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Thread: knowledge !!!!!!

  1. #1
    Just burned his ISO
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    Arrow knowledge !!!!!!

    guys at the momment i have a few books on which to read and i would like a bit of advice form a few guys to set me in the right path of a new beginning ijn understanding computers and networks and the likes of and i was wonderingif i could have a few votes on which book to start reading first

    : Sams teach yourself tcp/ip in 21 days but i guess it will take alittle bit more time than that but never the less pleanty of time in which to do so,

    : data communication and information systems

    : a+ cert book

    : file systems regarding xp

    : master networking

    the theroy of the network books is that i am going to ccna ccnd ccnp onlline beacuse i want to move to exeter the brother lives thier so he does amnd i would like to generaly be with everyone but i have few months and i would like to start reading a book about something so i can join the disscusions at brum (essex) (exeter) and have a sort of idea what they are taking about in gerneral

  2. #2
    Member imported_vvpalin's Avatar
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    Start with the tcp-ip book, it will give provide you with the basis for just about everything else and is invaluable. Honestly i wouldn't even consider doing anything else until you have a firm understanding of how that works.

    As for the rest of the books, you might aswell throw that A+ book in the trash unless your planning on getting a job with the geek squad lol
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  3. #3
    Very good friend of the forum Virchanza's Avatar
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    As for the rest of the books, you might aswell throw that A+ book in the trash unless your planning on getting a job with the geek squad lol
    Gay+

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  4. #4
    Super Moderator lupin's Avatar
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    Quote Originally Posted by Virchanza View Post
    Gay+

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    Thats a good one

    Yes, A+ is very low level and basically focused on PC hardware. It may be useful if you want a basic PC maintenance job, or want to build your own PC or upgrade components in a PC, but otherwise I don't know if Id bother.

    What to read really depends on where your interest lies, and only you can really decide that. Maybe you should read the introduction of each book so you get a grasp of what they are about and then decide from there.

    If you want to do the CCNA you will need fairly strong TCP/IP skills, including knowledge about how TCP/IP works in routed and local environments, routing protocols and IP addressing (including the ability to subnet networks within a few seconds). You have to know (and I do mean KNOW) the contents of two rather large texts to be able to pass the exam, and hands on experience with Cisco gear is highly recommended. Its surprisingly difficult for an entry level certification, I did it last year and a number of people in my class failed the exam, and all of them had multiple years experience in the IT industry.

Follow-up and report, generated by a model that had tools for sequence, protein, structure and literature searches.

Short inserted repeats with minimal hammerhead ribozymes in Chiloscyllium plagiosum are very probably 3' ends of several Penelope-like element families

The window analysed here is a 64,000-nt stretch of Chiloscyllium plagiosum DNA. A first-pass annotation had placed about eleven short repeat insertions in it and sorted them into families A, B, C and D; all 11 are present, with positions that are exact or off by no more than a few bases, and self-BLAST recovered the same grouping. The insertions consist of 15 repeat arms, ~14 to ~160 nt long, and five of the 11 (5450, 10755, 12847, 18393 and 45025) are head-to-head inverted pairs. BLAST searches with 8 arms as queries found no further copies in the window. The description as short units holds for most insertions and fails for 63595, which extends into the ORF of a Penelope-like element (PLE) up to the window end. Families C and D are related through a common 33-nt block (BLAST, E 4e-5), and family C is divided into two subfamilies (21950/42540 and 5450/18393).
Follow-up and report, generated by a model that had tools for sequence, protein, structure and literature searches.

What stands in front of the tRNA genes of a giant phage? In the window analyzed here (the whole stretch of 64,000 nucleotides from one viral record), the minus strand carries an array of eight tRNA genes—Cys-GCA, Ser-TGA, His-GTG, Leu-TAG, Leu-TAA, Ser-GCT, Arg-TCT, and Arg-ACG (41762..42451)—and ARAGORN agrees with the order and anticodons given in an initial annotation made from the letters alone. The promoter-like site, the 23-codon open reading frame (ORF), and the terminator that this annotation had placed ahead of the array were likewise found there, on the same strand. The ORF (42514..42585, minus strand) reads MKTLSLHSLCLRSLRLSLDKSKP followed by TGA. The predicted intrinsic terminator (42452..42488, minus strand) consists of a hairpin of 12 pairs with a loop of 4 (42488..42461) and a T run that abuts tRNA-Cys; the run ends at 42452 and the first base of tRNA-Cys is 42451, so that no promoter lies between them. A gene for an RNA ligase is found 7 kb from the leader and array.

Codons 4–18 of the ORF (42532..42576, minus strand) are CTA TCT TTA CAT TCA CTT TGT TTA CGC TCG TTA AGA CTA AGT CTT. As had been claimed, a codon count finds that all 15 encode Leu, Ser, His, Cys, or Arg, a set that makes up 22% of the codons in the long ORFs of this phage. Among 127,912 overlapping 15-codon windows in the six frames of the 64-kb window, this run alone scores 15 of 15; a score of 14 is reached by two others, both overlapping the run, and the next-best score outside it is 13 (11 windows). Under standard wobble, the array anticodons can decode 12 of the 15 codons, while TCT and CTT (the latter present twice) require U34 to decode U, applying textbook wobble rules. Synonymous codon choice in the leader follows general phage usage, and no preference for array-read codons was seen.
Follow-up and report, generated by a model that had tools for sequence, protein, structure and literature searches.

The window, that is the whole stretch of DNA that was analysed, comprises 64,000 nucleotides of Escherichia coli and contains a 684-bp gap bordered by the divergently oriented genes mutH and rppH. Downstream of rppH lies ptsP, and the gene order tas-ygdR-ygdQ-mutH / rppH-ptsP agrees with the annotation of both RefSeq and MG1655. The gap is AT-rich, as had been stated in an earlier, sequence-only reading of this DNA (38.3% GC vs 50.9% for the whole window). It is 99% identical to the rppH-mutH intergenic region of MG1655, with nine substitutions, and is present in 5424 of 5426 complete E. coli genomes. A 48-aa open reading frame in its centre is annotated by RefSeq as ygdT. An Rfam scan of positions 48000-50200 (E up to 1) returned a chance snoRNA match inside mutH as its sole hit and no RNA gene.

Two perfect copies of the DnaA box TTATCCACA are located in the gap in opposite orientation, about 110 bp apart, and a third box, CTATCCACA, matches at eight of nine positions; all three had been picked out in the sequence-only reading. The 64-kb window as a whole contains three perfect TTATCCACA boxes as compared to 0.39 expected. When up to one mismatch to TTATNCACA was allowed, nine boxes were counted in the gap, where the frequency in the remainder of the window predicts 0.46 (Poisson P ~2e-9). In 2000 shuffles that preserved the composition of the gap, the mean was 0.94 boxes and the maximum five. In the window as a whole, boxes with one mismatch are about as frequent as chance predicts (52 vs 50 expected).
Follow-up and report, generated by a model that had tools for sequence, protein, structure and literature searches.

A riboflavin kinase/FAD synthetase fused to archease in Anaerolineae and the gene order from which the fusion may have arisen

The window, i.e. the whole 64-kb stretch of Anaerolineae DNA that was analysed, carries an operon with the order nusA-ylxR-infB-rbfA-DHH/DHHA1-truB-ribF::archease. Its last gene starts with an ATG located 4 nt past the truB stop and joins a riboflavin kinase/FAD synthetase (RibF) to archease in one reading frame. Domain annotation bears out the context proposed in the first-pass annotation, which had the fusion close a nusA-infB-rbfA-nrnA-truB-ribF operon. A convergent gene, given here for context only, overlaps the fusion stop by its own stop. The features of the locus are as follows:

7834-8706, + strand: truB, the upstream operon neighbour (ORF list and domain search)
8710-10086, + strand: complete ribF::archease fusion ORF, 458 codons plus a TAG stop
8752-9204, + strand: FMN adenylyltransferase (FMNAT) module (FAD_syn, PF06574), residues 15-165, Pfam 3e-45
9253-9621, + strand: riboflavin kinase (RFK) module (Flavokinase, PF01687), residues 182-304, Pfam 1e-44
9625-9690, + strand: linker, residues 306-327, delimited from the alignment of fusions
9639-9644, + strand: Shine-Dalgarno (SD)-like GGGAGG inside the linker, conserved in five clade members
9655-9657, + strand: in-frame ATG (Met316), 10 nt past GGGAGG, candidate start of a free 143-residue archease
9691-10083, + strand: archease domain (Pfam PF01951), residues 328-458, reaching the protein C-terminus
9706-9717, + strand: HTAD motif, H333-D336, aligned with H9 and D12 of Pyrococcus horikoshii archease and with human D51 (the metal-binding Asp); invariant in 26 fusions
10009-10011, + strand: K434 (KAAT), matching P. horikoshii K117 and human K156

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  5. #5
    Moderator KMDave's Avatar
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    There is a bookthread in the forum with recommended reads.

    Might want to check it out
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  6. #6
    Very good friend of the forum Virchanza's Avatar
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    From my experience, the people who are really good at anything to do with computers didn't learn it in a classroom. When I was in college, there was an 18-year-old guy in my class who had been mad about robots since he was a kid. He had 10 years of experience playing around with robot stuff, and you'd be very hard-pushed to find someone as good as him. He was an absolute goldmine of knowledge to have around when we were doing our Embedded Systems projects (i.e. working with microcontroller chips). I was the person in class that had been playing around with programming as a hobby for a few years, and together we made a great team.

    In some professions, certain qualifications can be embarrassing. I mean if somebody presented an A+ certificate to me, I'd be like "OK, A+ certificate, that's fantastic, next your gonna give me a certificate that says you'r potty trained".

    I'm not an employer at the moment, I dunno if I ever will be, but if I'm ever hiring people to do some sort of computer job, I'll just sit in a room and let them tell me what knowledge they have. It's really easy to spot someone who's an absolute pro, regardless of what qualifications he (or she!) has. And if they come out with something like "Yeah I was bored one day so I made a robot beside my toaster and put a sensor on it to pick up the toast when it popped and place it on a plate" then you know you've hit the jackpot.
    Ask questions on the open forums, that way everybody benefits from the solution, and everybody can be corrected when they make mistakes. Don't send me private messages asking questions that should be asked on the open forums, I won't respond. I decline all "Friend Requests".

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